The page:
“… I have consulted with a lawyer this weekend. This is what I have been advised to do. First, I want the Seahawk to print an apology in the next edition of the paper for having printed the letter without vetting it and without consulting with me about the veracity of the statements made about me. At the same time, I insist that Mr. Pomarico print--in the same edition of the paper--a recantment of his allegations about my "connections to terrorist networks" and an apology for libeling me. I want to read these statements before they go to press. It is important to me that these statements go in the next edition, because of the approaching fall break.”
In my opinion, Pollard has shown no interest in adding to the marketplace of ideas but instead seeks total control of the student newspaper. Otherwise, she will sue. But, as this controversy grows, Pomarico says that more students are corroborating his version of events. And another student recently told me that he is collecting a list of witnesses on his behalf. Thus, the irony of Pollard’s decision to threaten a libel lawsuit is that it may well get her sued for libel. Falsely accusing someone of lying is often actionable. It is also worth noting that Pollard’s above e-mail claiming that Pomarico misquoted her, actually misquotes Pomarico’s editorial. Her accusations against him have also been circulated to every top administrator at the university.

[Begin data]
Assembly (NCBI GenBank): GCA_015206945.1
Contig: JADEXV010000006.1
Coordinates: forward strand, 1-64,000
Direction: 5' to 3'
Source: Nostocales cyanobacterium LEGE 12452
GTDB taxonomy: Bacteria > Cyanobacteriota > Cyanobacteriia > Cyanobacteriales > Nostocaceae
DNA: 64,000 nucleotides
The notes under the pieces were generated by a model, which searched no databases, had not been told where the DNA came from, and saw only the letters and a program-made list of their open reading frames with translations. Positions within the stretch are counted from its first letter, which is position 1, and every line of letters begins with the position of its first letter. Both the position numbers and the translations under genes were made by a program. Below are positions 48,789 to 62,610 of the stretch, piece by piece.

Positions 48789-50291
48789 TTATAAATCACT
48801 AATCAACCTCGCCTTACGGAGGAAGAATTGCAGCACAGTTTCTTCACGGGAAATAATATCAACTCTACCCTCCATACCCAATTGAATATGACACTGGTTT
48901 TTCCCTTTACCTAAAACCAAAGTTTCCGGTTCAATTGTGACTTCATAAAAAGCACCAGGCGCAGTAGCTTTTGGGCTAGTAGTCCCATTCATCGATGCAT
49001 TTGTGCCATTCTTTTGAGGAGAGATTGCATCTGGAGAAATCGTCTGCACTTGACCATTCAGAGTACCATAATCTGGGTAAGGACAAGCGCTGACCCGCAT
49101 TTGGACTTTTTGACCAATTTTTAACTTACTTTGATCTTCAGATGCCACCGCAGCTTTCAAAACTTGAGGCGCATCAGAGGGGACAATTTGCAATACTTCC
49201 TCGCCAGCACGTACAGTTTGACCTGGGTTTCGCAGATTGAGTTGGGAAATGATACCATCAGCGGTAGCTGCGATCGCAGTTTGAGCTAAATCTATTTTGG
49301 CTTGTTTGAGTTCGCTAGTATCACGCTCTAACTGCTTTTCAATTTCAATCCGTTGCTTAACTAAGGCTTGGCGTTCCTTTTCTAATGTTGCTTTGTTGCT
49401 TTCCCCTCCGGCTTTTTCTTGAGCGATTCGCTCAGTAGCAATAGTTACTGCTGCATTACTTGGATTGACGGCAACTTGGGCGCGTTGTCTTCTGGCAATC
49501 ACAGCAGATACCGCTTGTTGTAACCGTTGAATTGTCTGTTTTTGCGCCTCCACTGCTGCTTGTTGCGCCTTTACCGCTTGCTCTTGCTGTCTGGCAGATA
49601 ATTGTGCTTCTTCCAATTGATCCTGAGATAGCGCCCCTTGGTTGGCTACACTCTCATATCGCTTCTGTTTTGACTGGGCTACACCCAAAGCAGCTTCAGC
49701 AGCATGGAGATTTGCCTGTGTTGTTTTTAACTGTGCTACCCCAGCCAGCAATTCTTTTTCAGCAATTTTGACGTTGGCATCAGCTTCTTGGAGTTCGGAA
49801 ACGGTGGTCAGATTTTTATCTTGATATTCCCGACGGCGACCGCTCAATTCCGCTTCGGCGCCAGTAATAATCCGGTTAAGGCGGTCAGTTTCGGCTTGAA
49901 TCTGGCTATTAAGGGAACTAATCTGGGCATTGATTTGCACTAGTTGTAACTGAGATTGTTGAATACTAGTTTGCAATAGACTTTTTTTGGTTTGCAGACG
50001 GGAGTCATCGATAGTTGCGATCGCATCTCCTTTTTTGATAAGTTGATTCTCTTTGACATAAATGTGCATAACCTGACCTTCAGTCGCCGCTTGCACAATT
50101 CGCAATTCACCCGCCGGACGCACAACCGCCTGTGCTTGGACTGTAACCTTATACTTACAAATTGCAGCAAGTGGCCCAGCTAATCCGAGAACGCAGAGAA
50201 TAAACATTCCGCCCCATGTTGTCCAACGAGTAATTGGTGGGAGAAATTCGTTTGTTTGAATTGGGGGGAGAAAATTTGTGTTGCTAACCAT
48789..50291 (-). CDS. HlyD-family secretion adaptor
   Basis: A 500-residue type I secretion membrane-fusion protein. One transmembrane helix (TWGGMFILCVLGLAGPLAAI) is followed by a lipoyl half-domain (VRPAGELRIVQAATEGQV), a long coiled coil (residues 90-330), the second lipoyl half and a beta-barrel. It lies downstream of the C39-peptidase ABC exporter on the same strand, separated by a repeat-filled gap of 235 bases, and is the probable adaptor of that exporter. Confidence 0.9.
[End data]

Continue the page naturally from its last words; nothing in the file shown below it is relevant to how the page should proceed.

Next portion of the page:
Had Lisa Pollard decided to simply publish an editorial in response to Pomarico’s, she would have been in better shape. Only a few hundred people would have read the editorials and the controversy would have blown over quickly. But now, people all around the country are reading about the incident.
Perhaps some of those reading this editorial remember when Pollard said the following, shortly after our nation was attacked in September of 2001: “At least 4,500 children die in Iraq each week due to American influence. What is it we can do, after bringing Mr. bin Laden to trial, to be less of a terrorist?” In other words, we’re all a bunch of terrorists here in America. That is, except for Lisa Pollard and all her friends.
The proper way to resolve the present controversy is for the student paper to reprint Pomarico’s editorial in its entirety in both the printed and online versions of the paper. They should then give Dr. Pollard an equal opportunity to rebut the charges. Finally, they should allow any member of the university community to submit letters to the editor, in support of either the student or the professor.
In the end, it is likely that one party will be vindicated, and one will be discredited. But, more importantly, the students will have control over their newspaper. Then we can talk about a free press in Iraq.
Mike S. Adams (firstname.lastname@example.org) is an associate professor of criminal justice at UNC-Wilmington. For simply daring to express a conservative opinion at his ultra-liberal university, he was once threatened with “libel.” You can read about it here.